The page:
But peer in among the swaying stems and look, there's green! It shows how sheltered the ground is down there, the effects of the sun moderated, protected by its own canopy of grass stems. No wonder letting grass grow long in places is so good for wildlife. If you haven't done so this year, do consider giving the mower a rest next spring.
Elsewhere around the garden, plants such as my courgettes are struggling with mildew, that dry white fungus that forms like powder across leaves.
I once thought 'mildew' must be something to do with 'dew', but it is actually a sign that the plant is water-stressed and needs more water.
So, to make best use of water in the garden and not put pressure on precious supplies and our equally precious wetlands, the best tips are :
Of course, the other thing in such hot, dry conditions is to ensure that birds have access to water, and right now bird baths around the country will be keeping millions of birds sated. A daily queue of visitors may form, and you may get unusual visitors all desperate for a sip - last year I was treated to a juvenile Spotted Flycatcher at my bird bird.
All you need to do is change the water regularly to keep these hotspots (or should that be 'wetspots') hygienic, and then enjoy the splashy show!
Now if you'll excuse me, I'm off to do a raindance, and it's not a pretty sight...
Right now in the first couple of weeks of July, garden butterfly numbers tend to rocket. The summer emergence of Peacocks, Commas, Brimstones, together with Meadow Browns and Speckled Woods, plus a surge in the number of 'cabbage white' butterflies, mean that there is a flitting and fluttering going on in a way not seen until this point in the year. The only problem is that it can all be very distracting when you're meant to be gardening.
You can see the population boom in this graph, which shows the number of butterflies in my garden each week during 2017.
The tallest bar is Week 29, which is19th-25th July, so you can see how numbers build from a June lull up to their summer peak in the next 2-3 weeks, tailing off again once we get into August. (Last year I also had a bit of an early autumn 'second-coming' when Red Admirals had a great final brood.)
That is not to say that everywhere in the country will be exactly the same as my graph, but it won't be far off the same basic pattern - butterflies are such reliable timekeepers in terms of the annual calendar. You can predict butterflies' birthdays almost to the day!
My butterfly of the moment whose numbers help create this boom in my garden is this one:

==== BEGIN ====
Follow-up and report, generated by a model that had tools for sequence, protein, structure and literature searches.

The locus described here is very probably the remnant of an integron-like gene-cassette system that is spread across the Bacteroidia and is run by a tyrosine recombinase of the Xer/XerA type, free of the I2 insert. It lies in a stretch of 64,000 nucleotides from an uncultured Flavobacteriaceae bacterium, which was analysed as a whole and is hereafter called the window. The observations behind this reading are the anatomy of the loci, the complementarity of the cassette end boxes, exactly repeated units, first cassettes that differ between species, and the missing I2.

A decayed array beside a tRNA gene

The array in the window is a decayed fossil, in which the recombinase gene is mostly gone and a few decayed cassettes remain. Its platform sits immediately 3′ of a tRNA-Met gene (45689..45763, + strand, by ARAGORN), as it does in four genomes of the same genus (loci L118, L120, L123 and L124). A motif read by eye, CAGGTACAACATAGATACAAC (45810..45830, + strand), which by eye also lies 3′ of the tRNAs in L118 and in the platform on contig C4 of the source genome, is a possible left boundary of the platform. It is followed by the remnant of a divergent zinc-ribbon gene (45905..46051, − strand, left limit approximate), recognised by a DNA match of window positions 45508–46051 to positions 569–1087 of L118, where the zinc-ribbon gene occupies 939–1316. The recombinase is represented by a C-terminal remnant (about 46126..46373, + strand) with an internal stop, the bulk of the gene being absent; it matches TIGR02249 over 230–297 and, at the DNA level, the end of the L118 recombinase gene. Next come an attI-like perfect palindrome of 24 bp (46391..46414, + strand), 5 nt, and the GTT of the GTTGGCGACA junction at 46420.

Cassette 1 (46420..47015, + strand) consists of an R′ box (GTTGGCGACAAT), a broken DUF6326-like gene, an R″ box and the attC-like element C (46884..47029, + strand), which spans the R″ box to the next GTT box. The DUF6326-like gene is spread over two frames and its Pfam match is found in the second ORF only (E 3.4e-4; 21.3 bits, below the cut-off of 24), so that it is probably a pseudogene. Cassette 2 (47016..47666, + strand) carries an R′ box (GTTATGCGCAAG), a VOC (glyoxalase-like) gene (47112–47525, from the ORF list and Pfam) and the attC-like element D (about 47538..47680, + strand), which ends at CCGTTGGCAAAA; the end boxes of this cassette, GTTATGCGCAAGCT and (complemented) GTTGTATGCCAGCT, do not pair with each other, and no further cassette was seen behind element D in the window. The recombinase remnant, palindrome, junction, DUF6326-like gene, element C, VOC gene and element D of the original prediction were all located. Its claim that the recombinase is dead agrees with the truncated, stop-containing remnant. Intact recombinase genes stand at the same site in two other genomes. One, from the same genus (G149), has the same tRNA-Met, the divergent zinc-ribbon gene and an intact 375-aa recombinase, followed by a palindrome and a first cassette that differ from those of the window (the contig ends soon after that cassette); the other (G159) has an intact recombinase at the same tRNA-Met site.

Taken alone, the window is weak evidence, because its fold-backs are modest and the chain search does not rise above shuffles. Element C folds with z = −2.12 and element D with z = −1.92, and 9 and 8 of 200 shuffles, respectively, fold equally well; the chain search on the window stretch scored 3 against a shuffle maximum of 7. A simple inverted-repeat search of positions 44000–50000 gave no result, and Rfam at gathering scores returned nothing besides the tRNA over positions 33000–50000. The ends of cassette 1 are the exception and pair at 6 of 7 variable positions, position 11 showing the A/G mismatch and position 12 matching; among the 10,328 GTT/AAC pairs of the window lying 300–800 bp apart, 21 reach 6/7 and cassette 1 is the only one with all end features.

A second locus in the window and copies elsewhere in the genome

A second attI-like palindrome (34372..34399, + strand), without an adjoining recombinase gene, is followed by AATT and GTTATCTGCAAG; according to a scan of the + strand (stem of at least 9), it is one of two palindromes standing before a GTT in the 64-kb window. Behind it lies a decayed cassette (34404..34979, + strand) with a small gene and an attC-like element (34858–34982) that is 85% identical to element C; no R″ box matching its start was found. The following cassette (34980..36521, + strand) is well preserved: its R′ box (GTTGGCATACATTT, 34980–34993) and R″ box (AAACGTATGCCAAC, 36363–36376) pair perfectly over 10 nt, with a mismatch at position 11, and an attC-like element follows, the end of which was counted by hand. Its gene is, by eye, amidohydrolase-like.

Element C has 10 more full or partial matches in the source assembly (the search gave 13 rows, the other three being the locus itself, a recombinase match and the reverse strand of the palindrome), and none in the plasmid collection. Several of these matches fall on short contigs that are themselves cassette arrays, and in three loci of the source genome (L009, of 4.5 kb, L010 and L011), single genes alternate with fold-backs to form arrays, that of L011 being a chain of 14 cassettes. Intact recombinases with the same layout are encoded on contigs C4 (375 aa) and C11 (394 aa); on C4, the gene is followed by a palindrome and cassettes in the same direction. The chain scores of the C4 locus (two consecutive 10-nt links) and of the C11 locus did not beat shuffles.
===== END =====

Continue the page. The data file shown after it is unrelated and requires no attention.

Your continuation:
It is the Gatekeeper, which when I was a lad used to be called the Hedge Brown. Certainly you see more along hedges than you do opening gates.
It is very similar to the slightly larger and very common Meadow Brown, but even in its wings-closed position, the giveaway is the tiny white dots on the hindwing in brown circles.
Also, the black eye-spot on underside of the forewing has two white spots, whereas the Meadow Brown tends to have one (except in Scotland where the Gatekeeper sadly isn't found). Sadly, this is not a butterfly of Northern Ireland, either, although with climate change we could see it expand ever further northwards.
Here is the Gatekeeper, wings open.
This is the male, with a black smudge through the bright orange panel on the forewing.
Females lack this:
...and Meadow Browns don't have the orange panel on the rear upperwing. In the female Meadow Brown, there is just an orange panel on the upper forewing:
And in the male Meadow Brown there is barely any orange on the upperwing at all:
So here's a chance to put your Gatekeeper and Meadow Brown skills to the test. What do we have here?
Both species have caterpillars that eat wild grasses. This is where a lawn just won't do - mown bowling greens of Rye-grass aren't to their taste. However, if you can create a patch of wildflower meadow, either in your lawn or along the sunny side of a hedge, you may help provide a home for the next generation. Then your garden can celebrate ever more butterfly birthdays.
Oh, and our mystery photo? It was Gatekeeper above and Meadow Brown below - the white dots in the black eyes gave it away.